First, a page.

Heartbreak of Hornchurch new mum who ‘didn’t know how’ to love her baby girl
PUBLISHED: 12:00 27 August 2016 | UPDATED: 14:13 03 August 2018
After losing one of her twins in the womb, new mum Johanna said she couldn’t even look at her daughter. Chloe Farand speaks to her about the devastating reality of postpartum psychosis and her recovery
"The minute I had her, I didn’t know what to do with her – as far as I was concerned she ruined my life."
Motherly love is often taken for granted, but for Johanna, of Hornchurch, loving her daughter was not a matter of if, but of how.
When her daughter, now 26, was born in January 1990 three weeks premature, Johanna was reeling from a series of tragic events.
She had not expected to lose her twin a few months into her pregnancy, and she had no one to turn to after losing her mother a week before her wedding just 18 months earlier.
Suffering from puerperal psychosis – a mental illness which women can develop following childbirth – Johanna explained: "I think babies know anxiety and I just couldn’t look after her."
During her five day stay at the hospital following labour, the baby kept crying and Johanna did not get any sleep.
"When I came home I was exhausted," she said.
"I would be fidgeting the whole time. I had involuntary movements, sideways, backwards. I wanted to hold her, but I didn’t know how. I was afraid to hurt her. I thought my husband wanted to kill me I was so paranoid.
"I really wanted to love her. I always thought I would have a little girl and it would be the happiest day of my life. I felt disappointed and angry for feeling the way I did," she said.
Johanna remembers going on a compulsive shopping spree and spending nearly £900.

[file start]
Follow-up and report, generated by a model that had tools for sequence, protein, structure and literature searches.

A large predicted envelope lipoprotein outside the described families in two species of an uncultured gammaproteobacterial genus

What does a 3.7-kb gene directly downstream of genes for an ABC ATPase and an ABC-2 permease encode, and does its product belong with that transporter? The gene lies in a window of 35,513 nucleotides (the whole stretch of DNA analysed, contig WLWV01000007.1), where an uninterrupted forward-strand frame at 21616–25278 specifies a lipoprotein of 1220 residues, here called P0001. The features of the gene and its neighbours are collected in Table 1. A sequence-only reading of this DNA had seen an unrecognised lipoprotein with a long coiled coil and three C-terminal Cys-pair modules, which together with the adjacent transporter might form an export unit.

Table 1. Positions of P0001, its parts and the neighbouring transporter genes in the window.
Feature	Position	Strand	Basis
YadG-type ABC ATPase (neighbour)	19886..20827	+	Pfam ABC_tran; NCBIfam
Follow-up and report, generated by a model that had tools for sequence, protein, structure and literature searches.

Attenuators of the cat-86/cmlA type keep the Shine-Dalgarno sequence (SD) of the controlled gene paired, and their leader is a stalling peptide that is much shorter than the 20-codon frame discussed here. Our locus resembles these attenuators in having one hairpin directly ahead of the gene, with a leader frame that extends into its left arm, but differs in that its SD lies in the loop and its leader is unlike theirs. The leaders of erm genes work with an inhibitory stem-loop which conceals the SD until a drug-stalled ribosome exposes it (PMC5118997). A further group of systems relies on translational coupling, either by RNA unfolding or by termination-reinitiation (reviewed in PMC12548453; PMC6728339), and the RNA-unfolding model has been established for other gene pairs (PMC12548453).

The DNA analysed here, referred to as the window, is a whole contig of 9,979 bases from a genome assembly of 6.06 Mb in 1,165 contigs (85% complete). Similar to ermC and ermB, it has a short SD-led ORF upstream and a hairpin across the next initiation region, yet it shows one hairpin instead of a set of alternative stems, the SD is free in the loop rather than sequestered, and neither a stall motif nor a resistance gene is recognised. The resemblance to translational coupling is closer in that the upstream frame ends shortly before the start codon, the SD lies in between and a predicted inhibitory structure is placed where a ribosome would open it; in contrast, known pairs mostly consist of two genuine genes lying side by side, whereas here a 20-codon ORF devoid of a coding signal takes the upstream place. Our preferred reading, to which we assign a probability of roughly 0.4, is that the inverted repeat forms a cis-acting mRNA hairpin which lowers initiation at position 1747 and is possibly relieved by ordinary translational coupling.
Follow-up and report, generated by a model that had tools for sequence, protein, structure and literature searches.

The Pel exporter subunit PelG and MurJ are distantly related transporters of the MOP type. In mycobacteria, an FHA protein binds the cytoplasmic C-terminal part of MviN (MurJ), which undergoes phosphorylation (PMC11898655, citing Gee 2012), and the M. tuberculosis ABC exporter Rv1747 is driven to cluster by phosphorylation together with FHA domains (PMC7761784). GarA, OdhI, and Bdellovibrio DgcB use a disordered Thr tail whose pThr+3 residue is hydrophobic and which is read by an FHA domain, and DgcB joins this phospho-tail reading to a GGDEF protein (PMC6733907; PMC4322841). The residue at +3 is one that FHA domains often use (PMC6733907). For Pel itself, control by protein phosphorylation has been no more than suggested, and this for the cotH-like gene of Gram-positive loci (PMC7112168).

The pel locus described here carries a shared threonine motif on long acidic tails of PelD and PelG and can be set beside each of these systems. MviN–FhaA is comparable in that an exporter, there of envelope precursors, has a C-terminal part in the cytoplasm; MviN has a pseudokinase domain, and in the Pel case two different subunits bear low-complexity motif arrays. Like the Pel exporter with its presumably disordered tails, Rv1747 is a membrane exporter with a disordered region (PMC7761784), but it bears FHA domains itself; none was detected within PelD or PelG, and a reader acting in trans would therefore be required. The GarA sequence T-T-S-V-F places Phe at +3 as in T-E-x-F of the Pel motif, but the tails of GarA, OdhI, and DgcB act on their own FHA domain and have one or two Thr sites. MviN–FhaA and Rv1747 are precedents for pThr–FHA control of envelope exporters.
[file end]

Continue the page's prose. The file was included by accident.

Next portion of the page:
Shortly after, she was admitted into Warley Hospital, a mental health hospital in Brentwood, where she spent five months and during which she tried to kill herself.
Her daughter was just 10 days old.
Her father Paul stopped working to look after his daughter, adding financial pressure to their family situation.
At Warley, which closed in 2010, Johanna was not allowed to have her daughter sleep in the same room as her, making it difficult for her to bond with her.
Doctors prescribed drugs which she took for two and a half years.
Johanna sought the help of a counsellor to resolve issues with her own past and her relationship with mother, who had admitted shortly before dying she did not know how to love her.
On the advice of her counsellor, Johanna went back to Warley Hospital five years after leaving to "lay her ghosts".
"There was no problem with my future but there was a problem with my past," she said.
By then, Johanna had given birth to her son Aaron, now 22.
"When I had Aaron I just looked at him and thought he was beautiful. I loved him straight away," she said.
Slowly, Johanna built a relationship with her daughter. She described it as "rocky" at times but added: "We are very close. I am very proud of her."
Now running her own business as a community home carer, Johanna has found comfort in helping others.
"This experience has made me who I am today. There is always light at the end of the tunnel."
If you have an experience of mental health, whether as a patient, carer, relative or friend, and are willing to tell us about it, please contact Chloe Farand at firstname.lastname@example.org.